At the same time, Britain, France and the international community have a moral duty towards the civilian population across much of the Middle East. As former mandatory powers, which established the present – and manifestly incoherent – borders of Syria and Iraq, Britain and France bear a particular responsibility for the fate of the peoples of these countries. Britain’s foolhardy and illegal armed intervention in Iraq in 2003, in co-operation with the United States, weakened and destabilised the Iraqi state, while alienating the Sunni minority which had enjoyed a privileged status under Saddam Hussein. This, in turn, has provided ISIS with the opportunity to gain territory and recruits across large swathes of the country.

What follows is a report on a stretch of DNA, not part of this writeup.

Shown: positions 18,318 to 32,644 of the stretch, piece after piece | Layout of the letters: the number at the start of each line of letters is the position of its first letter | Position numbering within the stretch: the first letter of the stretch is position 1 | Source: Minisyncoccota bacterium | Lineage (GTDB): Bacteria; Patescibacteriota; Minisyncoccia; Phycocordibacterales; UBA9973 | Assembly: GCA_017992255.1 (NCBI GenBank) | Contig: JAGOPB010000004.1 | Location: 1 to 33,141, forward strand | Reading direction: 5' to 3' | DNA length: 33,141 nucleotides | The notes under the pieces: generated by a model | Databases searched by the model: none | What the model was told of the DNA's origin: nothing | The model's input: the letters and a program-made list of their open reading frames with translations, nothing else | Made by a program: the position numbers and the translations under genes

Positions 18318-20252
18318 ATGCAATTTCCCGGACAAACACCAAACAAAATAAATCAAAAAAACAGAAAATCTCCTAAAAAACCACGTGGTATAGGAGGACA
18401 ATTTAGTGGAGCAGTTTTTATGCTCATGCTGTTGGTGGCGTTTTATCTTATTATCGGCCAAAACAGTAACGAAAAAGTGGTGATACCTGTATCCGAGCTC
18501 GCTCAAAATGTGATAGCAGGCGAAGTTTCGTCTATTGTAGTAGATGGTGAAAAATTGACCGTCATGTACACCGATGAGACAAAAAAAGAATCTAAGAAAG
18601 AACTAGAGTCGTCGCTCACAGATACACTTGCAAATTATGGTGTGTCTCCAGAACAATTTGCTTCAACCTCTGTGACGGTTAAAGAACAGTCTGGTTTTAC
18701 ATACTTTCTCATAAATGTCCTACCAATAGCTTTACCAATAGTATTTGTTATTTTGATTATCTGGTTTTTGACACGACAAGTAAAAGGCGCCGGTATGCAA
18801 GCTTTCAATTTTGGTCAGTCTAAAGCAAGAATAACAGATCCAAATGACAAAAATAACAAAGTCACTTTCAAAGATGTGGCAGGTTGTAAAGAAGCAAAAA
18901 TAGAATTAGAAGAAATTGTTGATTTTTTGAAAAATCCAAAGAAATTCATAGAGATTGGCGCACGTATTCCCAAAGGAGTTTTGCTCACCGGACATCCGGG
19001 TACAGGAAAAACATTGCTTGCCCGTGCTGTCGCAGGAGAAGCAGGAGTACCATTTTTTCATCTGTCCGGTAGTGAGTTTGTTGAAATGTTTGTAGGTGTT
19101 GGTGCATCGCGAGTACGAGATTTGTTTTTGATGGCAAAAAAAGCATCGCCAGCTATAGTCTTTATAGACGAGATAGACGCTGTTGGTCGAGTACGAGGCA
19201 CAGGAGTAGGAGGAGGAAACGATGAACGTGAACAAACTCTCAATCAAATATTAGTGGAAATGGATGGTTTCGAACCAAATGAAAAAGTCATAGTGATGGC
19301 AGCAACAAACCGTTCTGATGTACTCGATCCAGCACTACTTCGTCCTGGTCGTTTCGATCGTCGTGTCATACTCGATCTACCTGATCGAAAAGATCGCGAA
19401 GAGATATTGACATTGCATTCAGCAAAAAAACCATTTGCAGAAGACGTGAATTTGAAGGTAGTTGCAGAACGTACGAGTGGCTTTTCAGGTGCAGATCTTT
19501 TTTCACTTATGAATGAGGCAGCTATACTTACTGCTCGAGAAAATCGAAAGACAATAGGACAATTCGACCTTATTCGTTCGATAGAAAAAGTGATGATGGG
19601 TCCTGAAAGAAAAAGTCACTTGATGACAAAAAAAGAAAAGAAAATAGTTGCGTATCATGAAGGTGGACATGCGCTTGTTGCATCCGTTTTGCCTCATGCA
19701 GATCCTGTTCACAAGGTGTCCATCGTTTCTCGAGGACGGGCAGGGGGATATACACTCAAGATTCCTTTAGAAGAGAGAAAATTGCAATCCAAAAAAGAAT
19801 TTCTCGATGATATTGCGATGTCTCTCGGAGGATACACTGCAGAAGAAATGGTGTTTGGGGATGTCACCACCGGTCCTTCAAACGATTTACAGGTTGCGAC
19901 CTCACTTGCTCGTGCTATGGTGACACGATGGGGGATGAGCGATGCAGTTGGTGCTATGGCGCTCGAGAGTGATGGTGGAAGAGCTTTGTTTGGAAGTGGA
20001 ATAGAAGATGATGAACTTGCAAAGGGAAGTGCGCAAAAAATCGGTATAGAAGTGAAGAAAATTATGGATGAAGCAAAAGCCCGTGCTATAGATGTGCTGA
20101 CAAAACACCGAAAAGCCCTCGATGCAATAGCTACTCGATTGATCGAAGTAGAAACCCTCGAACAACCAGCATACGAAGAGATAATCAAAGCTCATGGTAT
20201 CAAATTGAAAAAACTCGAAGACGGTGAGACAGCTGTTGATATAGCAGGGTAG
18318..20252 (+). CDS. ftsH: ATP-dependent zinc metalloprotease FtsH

However, the most difficult and crucial challenge facing Europe will be to address the drift towards radical Islamism amongst elements, however small and unrepresentative, within Europe’s Muslim communities. The thousands of young Muslims who have left Britain, France, Belgium, the Netherlands and other European countries, to fight with ISIS in Syria and Iraq, reflect the extraordinary success of ISIS propaganda and recruitment strategies. At the same time, this underlines the failure of Western Europe to integrate successfully at least part of its Muslim population, leaving a rump of angry and alienated Muslim youth. De-legitimatising ISIS and other Islamist movements, which constitute little more than a perversion of Islam, while pursuing a range of imaginative inclusionary strategies aimed at young European Muslims – such as promoting real non-discrimination in employment policies, the reinvention of civic lessons on common values such as the rule of law and democracy in schools, and wider dissemination of knowledge about Muslim history and cultural values among Muslim and non-Muslim youth – should be prime objectives for both governments and civil society across the continent.